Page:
Whether you're referring to Captain America socking Hitler on the jaw, Art Spiegelman’s Pulitzer-Prize-winning Maus, or Steve Englehart's original 'Secret Empire' arc, modern comics have always honored this tradition. It's usually after-the-fact, though, and rarely has a comic book story proved to be quite so relevant. Some scenes in Secret Empire #10 are eerily on-point, reminiscent of 'punch-a-Nazi' memes that spread through the Internet back in January. It's pretty remarkable, given the arc was plotted out over a year ago, and it's made the comic very controversial indeed.
That being said, this approach has certainly prevented fans from heading to Marvel for pure escapism! Marvel has embraced the philosophy of fantasy writer Lloyd Alexander, who famously noted: "Fantasy is hardly an escape from reality. It is a way to understand it."
The final issue achieves this fairly well. The overarching narrative of the last year — two Americas in conflict, a battle for American self-identity — is a strong one, and Spencer brings it to a suitable climax as he restores the classic Steve Rogers just in the nick of time. It may have gone a little too far, though; Marvel's sales have been dropping of late, and the House of Ideas appears to be dialing back on the politics in their upcoming #MarvelLegacy relaunch.
A Narrative Problem: Cosmic Cubes
That's not to say that the event hasn't had its flaws. Principal among them is Kobik, the living Cosmic Cube, who is perhaps the most unapologetic MacGuffin in comic book history. The main "Secret Empire" arc has essentially been the classic MacGuffin plot; "Quick! We must find the Cosmic Cube fragments before they do!"
The problem with a Cosmic Cube is that it robs the narrative of in-universe significance. Any death can be rewritten; any villain's rise can be upended; any hero can be reborn. When your MacGuffin can literally adjust reality at whim, your story loses all emotional stakes. The last few issues of "Secret Empire" saw the Cosmic Cube fragments become the narrative center of the story, with a random mission to free Inhuman prisoners leading the heroes to acquire a fragment. This fragment was literally used to overcome every obstacle; New York's heroes were freed from the Darkforce Dimension, and a planetary wall keeping the cosmic heroes out was finally destroyed.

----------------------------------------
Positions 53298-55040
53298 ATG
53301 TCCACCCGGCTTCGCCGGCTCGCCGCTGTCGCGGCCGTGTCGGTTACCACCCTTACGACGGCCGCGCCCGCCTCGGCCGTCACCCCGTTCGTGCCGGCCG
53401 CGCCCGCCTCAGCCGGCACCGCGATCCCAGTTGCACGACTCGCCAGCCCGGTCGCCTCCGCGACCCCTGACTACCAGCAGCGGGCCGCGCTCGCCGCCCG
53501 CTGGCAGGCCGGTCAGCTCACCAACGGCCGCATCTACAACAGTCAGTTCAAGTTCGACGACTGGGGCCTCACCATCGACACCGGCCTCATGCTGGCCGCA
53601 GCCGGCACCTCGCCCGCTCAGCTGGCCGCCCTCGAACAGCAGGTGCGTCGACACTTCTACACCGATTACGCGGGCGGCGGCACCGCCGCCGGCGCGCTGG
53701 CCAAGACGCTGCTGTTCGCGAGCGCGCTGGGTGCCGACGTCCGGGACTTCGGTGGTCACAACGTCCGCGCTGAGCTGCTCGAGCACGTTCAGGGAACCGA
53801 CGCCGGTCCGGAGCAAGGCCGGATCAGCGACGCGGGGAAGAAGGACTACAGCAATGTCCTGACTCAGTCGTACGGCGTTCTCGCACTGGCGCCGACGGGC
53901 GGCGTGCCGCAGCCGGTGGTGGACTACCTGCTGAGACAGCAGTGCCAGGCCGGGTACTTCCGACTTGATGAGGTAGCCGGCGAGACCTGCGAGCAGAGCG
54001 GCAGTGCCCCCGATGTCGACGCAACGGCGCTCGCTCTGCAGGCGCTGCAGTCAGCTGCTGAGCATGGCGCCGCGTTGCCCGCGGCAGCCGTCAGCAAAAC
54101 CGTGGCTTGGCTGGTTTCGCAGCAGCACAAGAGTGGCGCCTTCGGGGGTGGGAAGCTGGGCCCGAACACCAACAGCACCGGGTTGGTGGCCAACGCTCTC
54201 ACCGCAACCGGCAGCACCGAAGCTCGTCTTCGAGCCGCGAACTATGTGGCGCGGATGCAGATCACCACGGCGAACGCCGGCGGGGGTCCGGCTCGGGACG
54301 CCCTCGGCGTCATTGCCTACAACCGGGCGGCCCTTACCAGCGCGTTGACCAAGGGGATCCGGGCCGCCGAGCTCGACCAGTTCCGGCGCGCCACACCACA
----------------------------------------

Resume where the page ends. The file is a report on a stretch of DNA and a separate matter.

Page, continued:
This worked in philosophical terms; the heroes began to win when they finally remembered to be heroes. They stopped thinking in terms of military objectives or resistance movements, and just went to prison to break out some innocent Inhumans. In narrative terms, though, it felt unsatisfying — not least because the heroes had briefly acquired other Cosmic Cube fragments earlier in the story, but coincidentally hadn't yet realized that a fragment held power too.
All in all, though, "Secret Empire" has come to a satisfying close. Nick Spencer has told a powerful, politically-aware narrative that — for all the controversy right now — will, I suspect, come to be viewed as a classic. It's one of Marvel's boldest stories to date, although that's partly by accident — nobody could have predicted the way American politics have changed over the course of the last year.
This year's Summer Event is over. Next? It's time for "Marvel Legacy."
Have you enjoyed reading 'Secret Empire'?
[Source: New York Times]